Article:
The Jackson Town Hall is located at 100 West Jefferson Street, Jackson, NC 27845; phone: 252-534-3811.
Jackson as Described in 1939 
Jackson, seat of Northampton County, is the market for a cotton, corn, and peanut-growing area. When the first courthouse was built in 1842, the town was known as Northampton courthouse. It was incorporated in 1823 as Jackson, named for Andrew Jackson. In 1831, during the slave insurrection led by Nat Turner in the adjoining county of Southampton, Virginia, North Carolina militia were mobilized at Jackson in readiness for a local slave uprising that did not materialize. It was agreed that the alarm signal would be the firing of a musket. Accidental discharge of a militiaman's gun caused a near panic.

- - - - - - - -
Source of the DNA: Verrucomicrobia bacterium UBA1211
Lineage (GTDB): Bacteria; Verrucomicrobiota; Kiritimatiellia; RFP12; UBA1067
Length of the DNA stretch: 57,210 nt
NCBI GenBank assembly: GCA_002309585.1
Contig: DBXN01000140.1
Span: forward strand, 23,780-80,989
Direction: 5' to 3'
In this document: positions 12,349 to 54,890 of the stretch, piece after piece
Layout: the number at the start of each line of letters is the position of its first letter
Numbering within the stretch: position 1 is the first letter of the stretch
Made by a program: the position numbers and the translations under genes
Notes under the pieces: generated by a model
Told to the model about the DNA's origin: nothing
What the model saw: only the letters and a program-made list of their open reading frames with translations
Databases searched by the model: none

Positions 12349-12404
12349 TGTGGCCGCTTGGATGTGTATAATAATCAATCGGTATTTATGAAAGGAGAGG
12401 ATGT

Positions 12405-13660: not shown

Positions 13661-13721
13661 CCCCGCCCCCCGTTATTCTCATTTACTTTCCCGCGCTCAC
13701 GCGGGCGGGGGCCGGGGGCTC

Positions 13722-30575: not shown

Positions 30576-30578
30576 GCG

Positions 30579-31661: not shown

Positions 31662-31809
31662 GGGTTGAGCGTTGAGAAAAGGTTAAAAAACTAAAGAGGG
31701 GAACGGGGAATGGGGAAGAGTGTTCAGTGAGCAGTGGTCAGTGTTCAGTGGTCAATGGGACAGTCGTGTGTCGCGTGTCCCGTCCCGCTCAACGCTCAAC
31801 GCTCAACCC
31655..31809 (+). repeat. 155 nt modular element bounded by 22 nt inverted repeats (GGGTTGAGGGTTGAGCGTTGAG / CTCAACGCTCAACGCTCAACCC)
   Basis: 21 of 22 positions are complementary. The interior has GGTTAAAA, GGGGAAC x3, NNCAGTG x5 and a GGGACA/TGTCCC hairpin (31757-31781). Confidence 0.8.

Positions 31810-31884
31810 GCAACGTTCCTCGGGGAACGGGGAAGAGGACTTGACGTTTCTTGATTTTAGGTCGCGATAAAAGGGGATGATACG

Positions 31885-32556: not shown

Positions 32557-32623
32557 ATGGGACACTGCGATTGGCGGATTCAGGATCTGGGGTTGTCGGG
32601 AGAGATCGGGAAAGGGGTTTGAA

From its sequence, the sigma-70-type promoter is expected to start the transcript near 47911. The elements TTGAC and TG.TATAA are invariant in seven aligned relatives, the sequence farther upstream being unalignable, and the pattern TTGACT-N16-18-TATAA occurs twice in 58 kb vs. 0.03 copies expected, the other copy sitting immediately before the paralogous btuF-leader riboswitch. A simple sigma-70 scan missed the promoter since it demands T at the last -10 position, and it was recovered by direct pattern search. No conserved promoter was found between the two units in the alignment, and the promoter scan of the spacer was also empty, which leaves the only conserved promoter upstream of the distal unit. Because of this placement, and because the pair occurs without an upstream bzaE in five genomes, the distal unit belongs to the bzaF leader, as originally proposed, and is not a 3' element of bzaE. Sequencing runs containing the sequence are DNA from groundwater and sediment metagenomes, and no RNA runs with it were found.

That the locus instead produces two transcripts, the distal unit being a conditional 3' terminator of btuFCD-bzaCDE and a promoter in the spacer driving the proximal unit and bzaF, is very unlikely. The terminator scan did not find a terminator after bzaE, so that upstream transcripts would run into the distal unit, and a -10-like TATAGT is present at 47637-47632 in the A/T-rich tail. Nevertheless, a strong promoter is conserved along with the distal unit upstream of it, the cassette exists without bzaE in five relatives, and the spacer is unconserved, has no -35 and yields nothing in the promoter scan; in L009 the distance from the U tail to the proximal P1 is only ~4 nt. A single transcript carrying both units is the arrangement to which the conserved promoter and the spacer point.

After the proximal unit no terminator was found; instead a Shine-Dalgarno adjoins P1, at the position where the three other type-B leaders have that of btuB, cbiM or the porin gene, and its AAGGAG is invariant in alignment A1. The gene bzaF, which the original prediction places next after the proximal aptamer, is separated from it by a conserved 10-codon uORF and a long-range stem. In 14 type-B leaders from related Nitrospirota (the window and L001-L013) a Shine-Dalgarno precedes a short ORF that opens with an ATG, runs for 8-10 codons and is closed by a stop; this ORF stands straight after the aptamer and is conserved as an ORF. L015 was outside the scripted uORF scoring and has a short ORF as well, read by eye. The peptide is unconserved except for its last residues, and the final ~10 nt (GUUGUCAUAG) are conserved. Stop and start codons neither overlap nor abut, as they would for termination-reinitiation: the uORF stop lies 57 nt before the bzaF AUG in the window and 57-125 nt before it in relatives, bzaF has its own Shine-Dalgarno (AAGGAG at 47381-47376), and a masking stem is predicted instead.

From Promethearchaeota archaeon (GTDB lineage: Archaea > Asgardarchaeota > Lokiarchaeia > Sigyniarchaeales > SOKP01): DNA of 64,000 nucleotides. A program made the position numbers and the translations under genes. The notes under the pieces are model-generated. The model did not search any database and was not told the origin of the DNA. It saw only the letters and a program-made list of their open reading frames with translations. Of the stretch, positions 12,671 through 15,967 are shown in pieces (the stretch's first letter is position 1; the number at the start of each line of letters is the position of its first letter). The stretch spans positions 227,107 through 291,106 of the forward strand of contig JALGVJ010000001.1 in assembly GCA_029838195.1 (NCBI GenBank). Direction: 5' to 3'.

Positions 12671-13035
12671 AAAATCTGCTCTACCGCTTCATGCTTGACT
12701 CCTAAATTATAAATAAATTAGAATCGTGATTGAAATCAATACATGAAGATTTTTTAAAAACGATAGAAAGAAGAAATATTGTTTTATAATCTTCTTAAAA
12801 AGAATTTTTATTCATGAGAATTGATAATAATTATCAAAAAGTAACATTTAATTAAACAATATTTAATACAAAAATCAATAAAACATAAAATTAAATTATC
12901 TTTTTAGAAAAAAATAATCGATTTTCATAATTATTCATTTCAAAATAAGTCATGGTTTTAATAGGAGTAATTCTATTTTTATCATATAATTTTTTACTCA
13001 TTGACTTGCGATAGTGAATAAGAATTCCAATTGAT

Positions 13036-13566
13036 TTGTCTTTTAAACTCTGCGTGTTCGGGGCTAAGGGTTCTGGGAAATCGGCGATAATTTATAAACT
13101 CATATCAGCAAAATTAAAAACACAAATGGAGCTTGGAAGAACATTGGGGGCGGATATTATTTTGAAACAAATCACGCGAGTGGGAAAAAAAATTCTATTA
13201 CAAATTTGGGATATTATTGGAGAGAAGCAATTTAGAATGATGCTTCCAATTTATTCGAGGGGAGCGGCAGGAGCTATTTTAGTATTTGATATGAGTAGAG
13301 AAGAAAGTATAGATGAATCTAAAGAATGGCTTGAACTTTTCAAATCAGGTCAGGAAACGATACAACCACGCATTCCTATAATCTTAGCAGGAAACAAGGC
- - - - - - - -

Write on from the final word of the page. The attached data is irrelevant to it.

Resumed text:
The Northampton County Courthouse (1859) has a facade of tall columns, large windows, and high ceilings. Tradition says Cornwallis stopped at a tavern that stood on a corner diagonally from the courthouse. The Bragg House was built in 1835 by Thomas Bragg, Governor of North Carolina from 1855-1859. He was a U.S. Senator and Attorney General of the Confederate States. His grave is located in a family cemetery near the house.